Merkel survived a brutal mauling in the German parliament last Friday, as she battled to win agreement to open up negotiations for a third Greek bailout against a backdrop of strong public opinion that suggested this was one bailout too far for the German people.
It says a lot about Germany's first ever female chancellor that she survived — despite her own finance minister Wolfgang Schäuble arguing strongly for a temporary Grexit to stabilise the euro.
The International Monetary Fund (IMF) effectively backed his argument by saying the Greek financing need through end-2018 is now estimated at $92 billion and debt is expected to peak at close to 200 percent of GDP in the next two years.
"Greece's debt can now only be made sustainable through debt relief measures that go far beyond what Europe has been willing to consider so far," it said in its latest analysis on the Greek bailout proposals.
For Merkel, however, political unpopularity at home and the pains of Greeks are prices worth paying for keeping the Eurozone together. Hers is a dream of a German-led EU. Her problem is in bringing a Germanic solution to a Hellenic problem.
Germans Protest In 14 Cities Against Merkel’s Stance On Greece http://t.co/bxMH2civ6Q— Dimitra Colomvakou (@votsalota) July 21, 2015
Merkel was born in 1954 in Hamburg — then in West Germany — but the family soon moved to East Germany, where her father — who had converted to Lutheranism — had been appointed as pastor at the church in Quitzow, near Perleberg in Brandenburg.
In those days, times were hard in East Germany — despite it being the largest economy in the Eastern Bloc. Over the next two decades the German Democratic Republic (East Germany) stumbled towards a hard currency crisis. At one time 40 billion Deutsche Marks (Ostmark) were owed to western institutions. In the end the Ostmark became virtually worthless outside East Germany.
Merkel went to school in East Germany and learned to speak fluent Russian, as well as winning prizes for her mathematical abilities. She went on to study physics at the University of Leipzig and earned her doctorate at the Central Institute for Physical Chemistry of the Academy of Sciences in Berlin-Adlershof for her thesis on quantum chemistry. She is no fool.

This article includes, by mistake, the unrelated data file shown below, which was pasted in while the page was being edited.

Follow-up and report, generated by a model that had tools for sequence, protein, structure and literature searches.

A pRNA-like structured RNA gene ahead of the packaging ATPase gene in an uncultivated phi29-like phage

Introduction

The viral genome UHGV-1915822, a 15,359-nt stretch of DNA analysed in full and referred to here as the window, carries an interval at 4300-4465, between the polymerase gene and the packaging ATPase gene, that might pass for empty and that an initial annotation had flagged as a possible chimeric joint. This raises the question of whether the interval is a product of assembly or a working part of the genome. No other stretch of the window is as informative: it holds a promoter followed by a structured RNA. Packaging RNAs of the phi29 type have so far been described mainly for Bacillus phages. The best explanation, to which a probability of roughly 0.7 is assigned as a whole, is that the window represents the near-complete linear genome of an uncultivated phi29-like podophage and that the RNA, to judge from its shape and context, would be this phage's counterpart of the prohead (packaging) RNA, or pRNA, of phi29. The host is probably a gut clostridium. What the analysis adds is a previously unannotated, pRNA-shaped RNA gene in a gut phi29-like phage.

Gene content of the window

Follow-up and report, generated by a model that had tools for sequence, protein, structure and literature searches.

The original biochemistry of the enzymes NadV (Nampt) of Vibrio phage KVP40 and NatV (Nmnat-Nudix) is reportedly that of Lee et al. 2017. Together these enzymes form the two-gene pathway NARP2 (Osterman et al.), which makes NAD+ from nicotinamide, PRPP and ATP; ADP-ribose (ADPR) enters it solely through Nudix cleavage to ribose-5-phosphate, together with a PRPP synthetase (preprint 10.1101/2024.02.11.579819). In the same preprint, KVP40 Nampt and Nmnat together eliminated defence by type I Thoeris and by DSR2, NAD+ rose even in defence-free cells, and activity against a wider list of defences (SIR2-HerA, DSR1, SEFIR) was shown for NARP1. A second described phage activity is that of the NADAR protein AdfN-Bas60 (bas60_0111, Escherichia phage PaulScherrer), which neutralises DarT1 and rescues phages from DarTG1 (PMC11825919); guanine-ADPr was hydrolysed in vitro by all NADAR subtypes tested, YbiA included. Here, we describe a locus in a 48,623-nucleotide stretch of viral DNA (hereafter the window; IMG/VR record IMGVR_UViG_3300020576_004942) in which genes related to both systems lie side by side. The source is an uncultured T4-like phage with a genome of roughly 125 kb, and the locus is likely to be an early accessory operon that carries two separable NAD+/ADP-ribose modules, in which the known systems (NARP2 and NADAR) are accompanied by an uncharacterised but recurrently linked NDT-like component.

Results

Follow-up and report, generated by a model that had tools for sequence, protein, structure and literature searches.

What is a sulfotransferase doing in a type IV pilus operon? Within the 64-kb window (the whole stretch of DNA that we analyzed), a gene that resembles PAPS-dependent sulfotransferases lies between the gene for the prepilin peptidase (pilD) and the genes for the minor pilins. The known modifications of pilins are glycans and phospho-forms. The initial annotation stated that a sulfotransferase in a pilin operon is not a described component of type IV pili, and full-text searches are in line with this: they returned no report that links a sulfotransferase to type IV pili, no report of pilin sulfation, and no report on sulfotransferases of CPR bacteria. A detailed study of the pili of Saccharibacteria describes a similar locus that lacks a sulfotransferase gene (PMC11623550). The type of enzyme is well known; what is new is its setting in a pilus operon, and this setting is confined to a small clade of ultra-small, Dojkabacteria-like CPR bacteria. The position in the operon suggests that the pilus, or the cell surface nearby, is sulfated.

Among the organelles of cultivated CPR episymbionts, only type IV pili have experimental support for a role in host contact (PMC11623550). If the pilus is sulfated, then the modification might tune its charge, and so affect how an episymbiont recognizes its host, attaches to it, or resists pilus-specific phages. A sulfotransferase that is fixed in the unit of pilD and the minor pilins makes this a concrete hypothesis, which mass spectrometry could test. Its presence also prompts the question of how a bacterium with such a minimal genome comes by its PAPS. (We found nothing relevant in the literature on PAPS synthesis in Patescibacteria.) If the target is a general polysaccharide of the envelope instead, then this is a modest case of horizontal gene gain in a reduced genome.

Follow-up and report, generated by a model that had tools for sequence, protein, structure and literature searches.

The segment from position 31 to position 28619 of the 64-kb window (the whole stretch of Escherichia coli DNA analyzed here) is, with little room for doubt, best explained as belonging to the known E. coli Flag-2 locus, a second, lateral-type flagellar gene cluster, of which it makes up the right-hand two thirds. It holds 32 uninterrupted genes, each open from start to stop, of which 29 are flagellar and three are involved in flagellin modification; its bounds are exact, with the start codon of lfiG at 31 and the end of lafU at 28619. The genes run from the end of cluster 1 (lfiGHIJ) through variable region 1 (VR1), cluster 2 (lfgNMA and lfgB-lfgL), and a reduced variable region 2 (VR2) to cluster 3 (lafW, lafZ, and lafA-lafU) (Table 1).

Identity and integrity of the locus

East Meets West
After Germany was reunited, in 1990, Merkel won her seat at the Bundestag and was almost immediately appointed to the Cabinet, serving as Minister for Women and Youth under Chancellor Helmut Kohl. On reunification, the Westmark replaced the Ostmark on a mark-for-mark basis and the West subsidised the East for many years — costing Berlin up to $171 billion (£110bn) each year at one point. Call this a huge bailout, if you like.
The reunification of Germany and the economic burdens it brought goes deep inside Merkel's psyche. Nine years after she took her seat in the Bundestag, Germany disposed of the beloved Deutsche Mark and joined the euro as one of the original — and leading — Eurozone members. A united Germany became part of a united euro.
Merkel has deeply-held convictions about the euro. From her Lutheran upbringing and life in East Germany, she understands austerity. Her dilemma is that, while she knows the German people delivered a massive bailout to their eastern cousins in 1990 and have since had to bail out Portugal, Spain, Ireland and now Greece three times, she also knows Germany has to keep the Eurozone intact.
In doing so, she is being true to her past and to her convictions, but is riding two horses at the same time. With so many economists dismissing the latest Greek bailout at unsustainable, Merkel is likely to be a faller at the next fence.